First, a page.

I should be working right now but something is really bothering me and I am too distracted by it to write, so I'm going to blog about it instead.
As I have said here before Barak goes to playgroup. It is a very Chassidic playgroup a few blocks from us. I walked by it many times last year and thought, whoa, I'm never sending my kid there, it's just way too unsupervised. A few times I saw kids outside out of sight (it is an l-shaped play area) of any adult. I have heard stories about parents coming to pick up kids and finding them on the swings by themselves, with the teacher having gone back inside. There is a teacher and an assistant, and the assistant, while very nice, seems to have some cognitive issues.
Fast forward to last spring, when I found myself needing to find Barak a preschool or playgroup for this fall. He needs to go somewhere--I know that plenty of three-year-olds are just fine at home, but Barak is intensely social and really needs other kids. He is not part of a big family and gets bored and nutsy at home with me/the babysitter and Iyyar all day. So I explored my options. And my options were... limited. The preschools were all extremely expensive, to the tune of $600 a month, and while that might have been manageable the distances were not. The closest one is a mile away, which means four miles of walking each day, and I am expecting a baby in the dead of winter. The few other local playgroups were, by the time I got to them, full--who knew that people start signing their kids up in January? So I was left with the local Chassidic one.
I called around and talked to parents who'd had their kids there before, and heard generally good things. I called the teacher and said I was interested in registering my son but had some concerns about how the kids were supervised outside. She seemed to take them seriously and assured me that the kids were never outside alone that she was aware of, and she would talk to her assistant. I decided to take her at her word, and I registered Barak, thinking, it's two blocks away, I have a babysitter, I am telecommuting, if it turns out to be a disaster I can take him out.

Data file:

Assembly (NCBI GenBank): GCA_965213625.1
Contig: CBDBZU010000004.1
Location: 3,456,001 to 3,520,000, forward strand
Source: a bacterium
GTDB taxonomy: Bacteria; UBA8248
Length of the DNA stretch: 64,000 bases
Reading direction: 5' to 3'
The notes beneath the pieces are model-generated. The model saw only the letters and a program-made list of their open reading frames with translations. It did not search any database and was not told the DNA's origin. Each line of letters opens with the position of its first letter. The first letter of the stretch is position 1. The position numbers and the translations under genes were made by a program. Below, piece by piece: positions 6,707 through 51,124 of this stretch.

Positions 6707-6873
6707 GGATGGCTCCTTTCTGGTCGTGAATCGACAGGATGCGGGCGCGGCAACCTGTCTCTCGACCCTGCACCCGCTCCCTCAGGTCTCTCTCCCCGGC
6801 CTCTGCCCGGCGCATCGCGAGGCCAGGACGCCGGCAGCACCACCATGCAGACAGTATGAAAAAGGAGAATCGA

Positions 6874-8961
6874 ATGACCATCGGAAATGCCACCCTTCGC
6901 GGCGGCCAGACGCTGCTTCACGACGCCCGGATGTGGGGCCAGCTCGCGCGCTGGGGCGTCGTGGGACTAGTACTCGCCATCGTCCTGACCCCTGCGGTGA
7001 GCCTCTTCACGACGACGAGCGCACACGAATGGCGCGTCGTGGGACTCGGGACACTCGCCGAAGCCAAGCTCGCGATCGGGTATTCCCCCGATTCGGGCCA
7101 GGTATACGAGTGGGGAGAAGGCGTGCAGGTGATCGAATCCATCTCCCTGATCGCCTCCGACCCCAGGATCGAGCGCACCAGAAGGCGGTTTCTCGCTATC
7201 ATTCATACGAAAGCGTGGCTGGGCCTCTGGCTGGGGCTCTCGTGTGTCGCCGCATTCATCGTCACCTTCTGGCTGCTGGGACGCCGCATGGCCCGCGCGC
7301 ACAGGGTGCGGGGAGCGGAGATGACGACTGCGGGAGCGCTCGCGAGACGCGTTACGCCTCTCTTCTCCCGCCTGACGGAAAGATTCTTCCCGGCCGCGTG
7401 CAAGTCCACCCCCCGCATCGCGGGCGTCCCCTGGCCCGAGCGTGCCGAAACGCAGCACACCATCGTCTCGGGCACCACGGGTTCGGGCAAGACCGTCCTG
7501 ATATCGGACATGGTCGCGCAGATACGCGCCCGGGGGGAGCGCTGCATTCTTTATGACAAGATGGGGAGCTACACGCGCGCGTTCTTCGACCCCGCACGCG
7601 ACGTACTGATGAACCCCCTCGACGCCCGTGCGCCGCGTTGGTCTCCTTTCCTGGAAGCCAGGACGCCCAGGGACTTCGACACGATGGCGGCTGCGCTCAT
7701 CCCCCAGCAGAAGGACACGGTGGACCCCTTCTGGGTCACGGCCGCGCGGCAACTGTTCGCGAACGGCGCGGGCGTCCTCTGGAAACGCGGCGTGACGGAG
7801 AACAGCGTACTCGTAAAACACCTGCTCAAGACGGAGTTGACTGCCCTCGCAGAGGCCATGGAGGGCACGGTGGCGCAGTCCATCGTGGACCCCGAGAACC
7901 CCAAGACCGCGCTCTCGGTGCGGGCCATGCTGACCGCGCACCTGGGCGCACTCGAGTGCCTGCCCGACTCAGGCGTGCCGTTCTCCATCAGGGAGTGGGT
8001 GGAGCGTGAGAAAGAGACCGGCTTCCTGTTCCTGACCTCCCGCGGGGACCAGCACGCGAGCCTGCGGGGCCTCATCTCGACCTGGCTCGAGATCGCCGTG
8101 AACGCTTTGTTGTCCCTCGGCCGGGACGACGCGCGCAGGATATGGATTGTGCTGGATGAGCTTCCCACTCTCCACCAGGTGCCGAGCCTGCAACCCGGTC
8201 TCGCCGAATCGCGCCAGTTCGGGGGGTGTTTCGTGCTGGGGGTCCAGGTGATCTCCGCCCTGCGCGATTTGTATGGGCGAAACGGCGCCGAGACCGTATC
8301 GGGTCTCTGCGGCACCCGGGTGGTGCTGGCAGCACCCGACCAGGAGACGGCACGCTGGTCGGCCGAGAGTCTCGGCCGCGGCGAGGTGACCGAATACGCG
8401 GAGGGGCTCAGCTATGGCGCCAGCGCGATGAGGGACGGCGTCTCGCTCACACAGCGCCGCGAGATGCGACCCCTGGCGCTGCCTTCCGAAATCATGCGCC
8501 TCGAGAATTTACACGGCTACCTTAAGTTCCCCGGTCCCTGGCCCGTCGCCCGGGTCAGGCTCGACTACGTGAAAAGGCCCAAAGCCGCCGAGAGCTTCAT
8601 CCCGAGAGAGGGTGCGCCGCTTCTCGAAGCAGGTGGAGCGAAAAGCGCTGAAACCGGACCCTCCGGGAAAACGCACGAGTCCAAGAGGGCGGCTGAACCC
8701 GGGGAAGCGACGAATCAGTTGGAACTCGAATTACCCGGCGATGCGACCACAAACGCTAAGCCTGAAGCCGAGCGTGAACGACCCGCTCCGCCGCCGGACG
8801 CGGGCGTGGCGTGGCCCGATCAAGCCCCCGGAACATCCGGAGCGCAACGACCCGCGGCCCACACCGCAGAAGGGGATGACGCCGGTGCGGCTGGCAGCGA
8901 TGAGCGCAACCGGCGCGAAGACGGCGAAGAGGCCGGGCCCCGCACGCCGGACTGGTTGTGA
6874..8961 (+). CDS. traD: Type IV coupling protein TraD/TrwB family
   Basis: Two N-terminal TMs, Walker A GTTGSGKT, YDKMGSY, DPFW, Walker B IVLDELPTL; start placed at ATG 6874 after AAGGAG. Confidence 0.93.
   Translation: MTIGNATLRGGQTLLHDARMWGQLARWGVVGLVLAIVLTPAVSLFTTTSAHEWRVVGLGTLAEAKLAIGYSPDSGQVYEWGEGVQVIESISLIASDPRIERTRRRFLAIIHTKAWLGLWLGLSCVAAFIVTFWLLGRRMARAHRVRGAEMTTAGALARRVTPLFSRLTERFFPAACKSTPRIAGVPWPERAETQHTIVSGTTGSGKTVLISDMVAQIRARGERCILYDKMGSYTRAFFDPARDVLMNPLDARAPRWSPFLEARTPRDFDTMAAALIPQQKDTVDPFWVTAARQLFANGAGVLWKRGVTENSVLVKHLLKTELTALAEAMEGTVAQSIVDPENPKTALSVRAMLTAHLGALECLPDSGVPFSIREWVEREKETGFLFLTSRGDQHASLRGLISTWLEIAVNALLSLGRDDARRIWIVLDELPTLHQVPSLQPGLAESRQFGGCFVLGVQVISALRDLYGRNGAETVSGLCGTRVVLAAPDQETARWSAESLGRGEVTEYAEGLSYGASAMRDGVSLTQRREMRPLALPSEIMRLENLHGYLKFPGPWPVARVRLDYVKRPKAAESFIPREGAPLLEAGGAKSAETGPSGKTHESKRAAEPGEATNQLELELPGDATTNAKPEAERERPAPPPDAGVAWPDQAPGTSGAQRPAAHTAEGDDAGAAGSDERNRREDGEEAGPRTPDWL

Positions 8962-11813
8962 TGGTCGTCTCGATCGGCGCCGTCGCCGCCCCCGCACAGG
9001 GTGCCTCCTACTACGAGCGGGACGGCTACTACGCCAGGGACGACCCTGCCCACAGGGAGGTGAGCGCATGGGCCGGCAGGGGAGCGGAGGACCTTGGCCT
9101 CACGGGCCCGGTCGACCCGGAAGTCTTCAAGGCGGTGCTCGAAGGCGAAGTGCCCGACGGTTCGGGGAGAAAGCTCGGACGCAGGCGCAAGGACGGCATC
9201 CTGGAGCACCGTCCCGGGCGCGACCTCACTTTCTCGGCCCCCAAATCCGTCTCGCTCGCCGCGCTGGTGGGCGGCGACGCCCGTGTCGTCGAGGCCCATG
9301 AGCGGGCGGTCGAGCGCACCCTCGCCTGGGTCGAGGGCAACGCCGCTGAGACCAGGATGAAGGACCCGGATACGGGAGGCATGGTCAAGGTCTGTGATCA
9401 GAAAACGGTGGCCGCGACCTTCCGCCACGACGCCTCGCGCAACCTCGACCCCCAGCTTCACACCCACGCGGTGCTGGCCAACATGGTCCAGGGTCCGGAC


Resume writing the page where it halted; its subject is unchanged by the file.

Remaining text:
I did, however, come away with the clear impression that she thought I was a neurotic hovery crazy mother, an impression which was strengthened when she called me back later to remind me that she did have a waiting list, I could feel free to take him out, and--best part--that she didn't want to be "hounded."
Did I like this? No. But I tried very hard not to be apologetic, to say, "It's my responsibility as his mother to make sure he's okay, and I'm sure you respect that, and that we both want the same thing--for all the children to be safe." To which, of course, she had to agree, and the call ended cordially. I didn't pull him out, because, frankly, I had no better options. And the school year started.
So far, it's been fine. Barak comes home happy, he seems to really like it, and I have never seen a child outside unsupervised since I've been there. I was a little surprised to see cleaning products on the bathroom windowsill in easy reach of any three-year-old, but I know that Barak, at least, won't touch them and I decided to keep my mouth shut. She's been doing this for twenty years and nothing has happened yet, so either the kids know not to touch or they are not in there unsupervised (which I doubt, but okay.)